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Folate & Pregnancy

Pregnant Woman with Sign

Folate is a B vitamin that can be found naturally in foods. In its synthetic form, folic acid is added to fortified foods, as well as supplements. This little vitamin serves a crucial role in your body, especially during pregnancy.

Years ago, studies found the consumption of folic acid prior to conception and within the first trimester of pregnancy has the power to reduce the incidence of neural tube defects (NTDs) by 50-70%. This prompted the Food and Drug Administration in 1998 to require certain grain foods (enriched breads, cereal, flour, pasta, rice, etc.) be fortified with folic acid to help increase women’s intakes.

How does folic acid prevent NTDs?

Folate helps in cell growth, division and replication. Therefore, it is one of the nutrients needed early in pregnancy to ensure all goes well while fetal cells grow and multiply to form baby. NTDs occur when the tissues of the brain and/or spinal cord do not close completely (i.e.: anencephaly or spina bifida). Depending on the degree and region affected, infants may have paralysis, be stillborn or die shortly after birth.

According to the Center for Disease Control and Prevention (CDC), there are 3,000 cases of neural tube defects each year in the United States. Therefore, it is important for women of childbearing age to meet the recommended daily allowance guideline of at least 400 micrograms micrograms (mcg) of dietary folate equivalents (DFEs) per day and increase to 600 mcg DFEs during pregnancy.

Women who are pregnant, or could become pregnant, should consume folate and folic acid from a variety of sources including fruits, vegetables, fortified grains, beans, peas[1] and a supplement.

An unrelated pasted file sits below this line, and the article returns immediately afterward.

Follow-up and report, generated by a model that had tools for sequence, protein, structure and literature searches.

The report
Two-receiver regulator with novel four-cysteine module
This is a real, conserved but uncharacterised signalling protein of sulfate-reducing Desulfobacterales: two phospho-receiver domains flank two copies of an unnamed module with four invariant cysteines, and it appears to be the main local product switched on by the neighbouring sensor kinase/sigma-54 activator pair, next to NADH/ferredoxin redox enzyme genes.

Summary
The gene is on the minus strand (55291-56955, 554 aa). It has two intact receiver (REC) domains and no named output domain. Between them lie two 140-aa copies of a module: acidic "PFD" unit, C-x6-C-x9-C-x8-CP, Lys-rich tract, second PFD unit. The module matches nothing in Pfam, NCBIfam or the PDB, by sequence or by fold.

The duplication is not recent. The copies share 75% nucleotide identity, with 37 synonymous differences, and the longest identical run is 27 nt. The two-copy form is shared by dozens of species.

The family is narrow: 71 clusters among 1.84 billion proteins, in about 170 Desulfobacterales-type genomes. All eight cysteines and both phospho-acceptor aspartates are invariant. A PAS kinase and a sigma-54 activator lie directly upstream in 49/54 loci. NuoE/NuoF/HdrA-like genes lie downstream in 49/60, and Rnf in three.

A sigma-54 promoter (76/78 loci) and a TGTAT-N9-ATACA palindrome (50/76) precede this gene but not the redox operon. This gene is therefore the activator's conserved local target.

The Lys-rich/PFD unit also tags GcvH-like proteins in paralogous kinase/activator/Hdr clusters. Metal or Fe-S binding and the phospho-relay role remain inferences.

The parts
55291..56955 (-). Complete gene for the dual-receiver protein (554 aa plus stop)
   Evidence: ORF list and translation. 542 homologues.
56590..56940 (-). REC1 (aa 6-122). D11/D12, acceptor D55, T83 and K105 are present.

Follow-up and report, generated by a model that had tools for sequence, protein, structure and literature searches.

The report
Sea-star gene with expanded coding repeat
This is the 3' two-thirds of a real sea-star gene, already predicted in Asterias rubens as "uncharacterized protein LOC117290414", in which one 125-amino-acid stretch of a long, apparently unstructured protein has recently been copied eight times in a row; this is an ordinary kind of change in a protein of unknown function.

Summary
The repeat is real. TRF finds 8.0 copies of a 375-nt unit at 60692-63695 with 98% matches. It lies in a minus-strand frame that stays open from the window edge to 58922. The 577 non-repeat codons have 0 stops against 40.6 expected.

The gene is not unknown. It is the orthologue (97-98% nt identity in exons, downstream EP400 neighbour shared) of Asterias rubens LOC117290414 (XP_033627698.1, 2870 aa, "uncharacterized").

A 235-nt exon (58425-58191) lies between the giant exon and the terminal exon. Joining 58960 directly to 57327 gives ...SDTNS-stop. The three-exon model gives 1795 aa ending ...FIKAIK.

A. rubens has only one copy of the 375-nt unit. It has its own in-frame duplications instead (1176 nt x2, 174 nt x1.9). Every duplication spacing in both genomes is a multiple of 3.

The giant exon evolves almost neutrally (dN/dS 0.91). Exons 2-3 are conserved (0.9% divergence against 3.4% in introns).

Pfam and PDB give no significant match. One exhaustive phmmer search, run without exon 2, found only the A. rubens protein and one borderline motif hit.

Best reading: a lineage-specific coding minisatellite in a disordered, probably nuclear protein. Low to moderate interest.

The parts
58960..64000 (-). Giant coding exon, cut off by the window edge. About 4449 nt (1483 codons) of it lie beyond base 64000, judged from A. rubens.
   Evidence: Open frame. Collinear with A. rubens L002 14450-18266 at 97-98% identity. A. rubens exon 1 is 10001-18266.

[1] National Institutes of Health. Folate Fact Sheet for Health Professionals. Accessed April 26, 2021. https://ods.od.nih.gov/factsheets/Folate-HealthProfessional/#en12.

Spinach, boiled
1/2 cup 131
Black-eyed peas (cowpeas), boiled
1/2 cup 105
Fortified Rice, white, medium-grain, cooked
1/2 cup 90
Asparagus, boiled
4 spears 89
Enriched Spaghetti, cooked
1/2 cup 74
Romaine Lettuce, shredded
1 cup 64
Avocado, sliced
1/2 cup 59
Broccoli, frozen, chopped, cooked
1/2 cup 52
Green peas, frozen, boiled
1/2 cup 47
Kidney beans, canned  
1/2 cup 46
Peanuts, dry roasted
1 ounce 27
1 small 29

What are dietary folate equivalents (DFEs)?

Absorption of vitamins and minerals from food versus from supplements can vary. For example, 50% of folate naturally found in food may absorbed by the body versus 85% of its synthetic form, folic acid, when consumed with food. To reflect these differences, the Food and Nutrition Board at the National Academies of Science, Engineering and Medicine developed the unit of measurement “dietary folate equivalents” or DFEs.


The Take Away: The best way for women of childbearing age to meet their needs is to consume a mixture of folate from foods and folic acid from fortified sources and supplements.

To learn more about folate, visit the National Institutes of Health Office of Dietary Supplements Folate Fact Sheet for Consumers.